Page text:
As one year ends and another begins, many of us might find ourselves in a reflective frame of mind. The human brain seems to be hardwired with thoughts of endings and fresh starts during this season of shorter daylight hours and chilly weather. For myself, vivid memories of the grounding lessons I received in childhood and my parents’ examples come to my mind. Teachings received from our parents in our earliest years can be what we draw on the most as we consider what to do next with our life. I frequently think of my dad during these times, but I rarely focus on the things he told me. Rather, it’s the things I learned from his example.
I’d like to share the following previous blog post again as a reminder that your time and your example are two things your child will never forget.
Your Time And Your Example…Two Things Your Child Will Never Forget
Originally posted on February 21, 2012 by Don M. Winn
I have been thinking about my father lately. When I remember my childhood now, I think more about the things I took for granted at the time than about all my childhood adventures. For example, I never had any doubts that my father loved me; it was just a given. And this, of course, is how it should be for any child. I know I received plenty of instruction and discipline as a child, but I hardly remember any of it now. Instead, it is my father’s example that stays with me to this day. I learned so many things simply by watching him every day—from life lessons to little things, like tying a tie. I know for a fact that no one ever taught me how to tie a tie. But I know how to do it today because I watched my father tie his tie every morning before he went off to work.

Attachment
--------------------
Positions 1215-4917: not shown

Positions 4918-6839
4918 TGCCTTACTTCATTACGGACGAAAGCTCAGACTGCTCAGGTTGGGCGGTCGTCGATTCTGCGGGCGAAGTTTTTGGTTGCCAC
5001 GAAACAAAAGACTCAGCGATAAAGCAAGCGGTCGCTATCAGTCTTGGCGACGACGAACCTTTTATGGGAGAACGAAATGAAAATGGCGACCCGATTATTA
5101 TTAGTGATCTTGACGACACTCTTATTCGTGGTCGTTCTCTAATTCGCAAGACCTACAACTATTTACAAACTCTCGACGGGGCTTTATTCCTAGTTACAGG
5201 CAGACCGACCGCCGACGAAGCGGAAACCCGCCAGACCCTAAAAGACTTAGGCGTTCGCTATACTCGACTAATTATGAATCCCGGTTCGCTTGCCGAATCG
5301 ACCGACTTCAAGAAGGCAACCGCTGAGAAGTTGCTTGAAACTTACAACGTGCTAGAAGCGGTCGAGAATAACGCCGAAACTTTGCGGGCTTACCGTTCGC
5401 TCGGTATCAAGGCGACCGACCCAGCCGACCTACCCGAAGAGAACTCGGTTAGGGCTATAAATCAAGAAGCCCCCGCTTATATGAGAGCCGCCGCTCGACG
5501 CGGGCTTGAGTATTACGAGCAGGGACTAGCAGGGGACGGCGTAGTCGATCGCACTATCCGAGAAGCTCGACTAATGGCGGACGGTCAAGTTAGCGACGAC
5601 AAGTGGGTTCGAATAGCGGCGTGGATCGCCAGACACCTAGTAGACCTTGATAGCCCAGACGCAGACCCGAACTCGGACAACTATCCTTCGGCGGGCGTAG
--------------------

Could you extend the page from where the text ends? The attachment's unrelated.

My father was already nearly fifty when I was born. He grew up during the Great Depression and learned early in life the importance of hard work and of doing his best. He tried to instill the same values in me. Of course at the time, I didn’t appreciate the significance of my dad’s wisdom, but as I became an adult, my memories of him became all the more precious. I say memories, because my father passed away while I was still young. And though I didn’t have the opportunity to know my father from an adult perspective, I can’t imagine what my life would be like today without having had his love, discipline, and example during my early years, an example that I still draw on today.
I spent most of my time with Dad…when I wasn’t playing of course. I loved to go with him on his sales calls and errands—I liked the lumberyard best. When he worked on his many home-improvement projects, I was always underfoot wanting to help, and graciously, he would let me, although it usually made more work for him. Even when he did paperwork, I was again underfoot with my own make-believe desk and a handful of very valuable junk mail, which I pulled out of the trash, pretending to be a businessman. I watched him when he shaved, shined his shoes, put on a tie, and I lobbed more questions his way than even Jimmy Connors could return. And last but not least, I was always there when he raided the ice box for a snack—homemade ice-cream was my favorite.
Not only did I learn by my father’s example, I also learned that it’s not just brief snippets of “quality time” that children need, but rather just plain old time…and lots of it. I know my father was a busy man. He had lots to do and I’m sure he dealt with lots of stressful problems in his life, as all adults do. But to this day I am impressed with the graciousness with which he included me in his many chores and activities. I never felt unwanted or like I was in the way. I always felt like it was just great to be with my dad and that he felt the same way about me as I was “helping” him.
What lessons do your children learn from your example? Are you gracious and generous with your time, allowing youngsters to copy your activities and learning as they go? If so, then you are laying a foundation for your child that will last a lifetime.